June 15, 2011 in Business

Lower gas, food prices ease economic worry

Christopher S. Rugaber Associated Press
Associated Press photo

Shoppers wait in the checkout line at Costco in Mountain View, Calif., Monday.
(Full-size photo)

Auto sales a drag on economy

Americans bought fewer cars in May, sending retail sales down 0.2 percent, the first decline after 10 months of gains.

Supply disruptions: Some of the decline in auto sales, which fell by the largest amount in 15 months, likely reflected supply disruptions from Japan’s natural disasters. That made it hard for U.S. dealers to get some popular car models.

Outlook: Economists surveyed by the Associated Press believe the economy will show only modest growth in the current April-June quarter, reflecting the impact of higher gas prices on consumers’ ability to spend on other items.

WASHINGTON – Americans are finally getting some relief from high gas and food prices.

Wholesale food prices fell last month by the most in nearly a year, and gas prices keep dropping after peaking in May. A separate survey suggests CEOs are feeling more optimistic and will hire more in the second half of this year.

It amounted to welcome news Tuesday after a rough patch that has stoked worries the economic recovery is slowing. More jobs and lower prices would both give Americans more money to spend on other things and rejuvenate economic growth.

Food prices at the wholesale level fell 1.4 percent, the Labor Department said. It was the largest drop since last June. About 40 percent of that decline resulted from steep declines in vegetable and fruit prices.

The drop in food prices followed harsh winter freezes, which had driven up prices of tomatoes and other vegetables in February. Even if prices don’t fall further, economists say they probably won’t go much higher, at least.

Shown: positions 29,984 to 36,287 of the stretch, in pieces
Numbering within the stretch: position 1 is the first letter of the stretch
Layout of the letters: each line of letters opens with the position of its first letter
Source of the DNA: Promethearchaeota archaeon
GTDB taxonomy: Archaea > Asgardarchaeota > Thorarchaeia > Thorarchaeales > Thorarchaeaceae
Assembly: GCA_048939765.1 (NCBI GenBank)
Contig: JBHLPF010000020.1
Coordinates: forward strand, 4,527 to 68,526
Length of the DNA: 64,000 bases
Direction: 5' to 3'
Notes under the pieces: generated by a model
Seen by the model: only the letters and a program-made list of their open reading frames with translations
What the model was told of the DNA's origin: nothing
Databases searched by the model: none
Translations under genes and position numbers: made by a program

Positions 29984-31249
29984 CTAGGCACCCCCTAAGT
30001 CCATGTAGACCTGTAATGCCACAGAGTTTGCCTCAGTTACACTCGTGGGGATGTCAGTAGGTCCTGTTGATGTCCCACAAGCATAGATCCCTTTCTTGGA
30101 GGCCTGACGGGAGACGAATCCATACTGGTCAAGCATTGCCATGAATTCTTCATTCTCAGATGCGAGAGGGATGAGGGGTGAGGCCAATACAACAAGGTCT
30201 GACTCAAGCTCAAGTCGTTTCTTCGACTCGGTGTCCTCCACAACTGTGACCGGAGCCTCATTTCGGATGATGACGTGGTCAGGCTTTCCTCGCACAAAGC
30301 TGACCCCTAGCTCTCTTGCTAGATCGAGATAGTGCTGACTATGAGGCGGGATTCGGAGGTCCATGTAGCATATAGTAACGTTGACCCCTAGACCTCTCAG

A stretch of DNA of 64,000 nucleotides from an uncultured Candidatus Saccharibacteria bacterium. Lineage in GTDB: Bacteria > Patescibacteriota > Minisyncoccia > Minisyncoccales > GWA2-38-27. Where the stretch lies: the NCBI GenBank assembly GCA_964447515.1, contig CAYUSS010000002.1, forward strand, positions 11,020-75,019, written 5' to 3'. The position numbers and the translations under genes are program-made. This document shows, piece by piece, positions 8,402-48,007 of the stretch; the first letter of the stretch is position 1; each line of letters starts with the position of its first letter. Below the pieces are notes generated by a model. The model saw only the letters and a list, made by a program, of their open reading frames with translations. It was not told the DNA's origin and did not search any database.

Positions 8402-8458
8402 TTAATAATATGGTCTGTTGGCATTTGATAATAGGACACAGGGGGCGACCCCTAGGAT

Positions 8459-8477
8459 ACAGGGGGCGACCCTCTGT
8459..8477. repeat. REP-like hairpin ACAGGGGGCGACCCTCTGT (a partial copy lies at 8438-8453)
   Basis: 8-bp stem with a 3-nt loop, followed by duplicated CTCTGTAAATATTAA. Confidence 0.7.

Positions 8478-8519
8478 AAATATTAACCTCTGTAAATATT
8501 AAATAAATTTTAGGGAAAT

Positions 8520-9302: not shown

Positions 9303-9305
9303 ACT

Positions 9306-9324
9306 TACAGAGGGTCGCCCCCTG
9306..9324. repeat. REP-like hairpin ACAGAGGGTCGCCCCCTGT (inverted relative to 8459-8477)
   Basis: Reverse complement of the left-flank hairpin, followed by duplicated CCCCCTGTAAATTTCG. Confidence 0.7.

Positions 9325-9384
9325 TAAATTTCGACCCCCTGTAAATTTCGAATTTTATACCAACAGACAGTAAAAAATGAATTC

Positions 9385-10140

It may take as long as six months, but lower wholesale prices should work their way to the grocery store.

“That’s a good thing for consumers, and it’s even better that it comes in parallel with lower energy prices,” said Gregory Daco, U.S. economist at IHS Global Insight.

Overall, the producer price index, which measures price changes before they reach the consumer, rose 0.2 percent in May. That’s much lower than April’s 0.8 percent gain and signals that inflation is in check.

Gas prices at the wholesale level rose in May by the smallest amount in eight months. At the pump, they’re coming down. On Tuesday, the national average was $3.70 a gallon, according to AAA. Gas has fallen steadily since the national average almost hit $4 a gallon in early May. It’s still about a dollar more expensive than a year ago.

For now, Americans remain cautious about spending. Another report Tuesday showed that retail sales fell 0.2 percent in May. It was the first decline in 11 months and came mostly because Americans bought fewer cars. Auto sales fell 2.9 percent.

Excluding the drop in car sales, retail sales rose 0.3 percent. That gain seemed to please investors, who were expecting broad declines because of high gas prices. The Dow Jones industrial average, which has fallen six weeks in a row, closed up 123 points, or 1 percent.

Some of the biggest sales gains were reported by thrift shops and other stores that sell used goods, and by online retailers, which many shoppers use to find the best deals.

There were some encouraging signs that hiring could pick up in the second half of the year. The Business Roundtable, which represents CEOs for the 200 biggest U.S. companies, said 51 percent of chief executives plan to step up hiring in the second half of the year.

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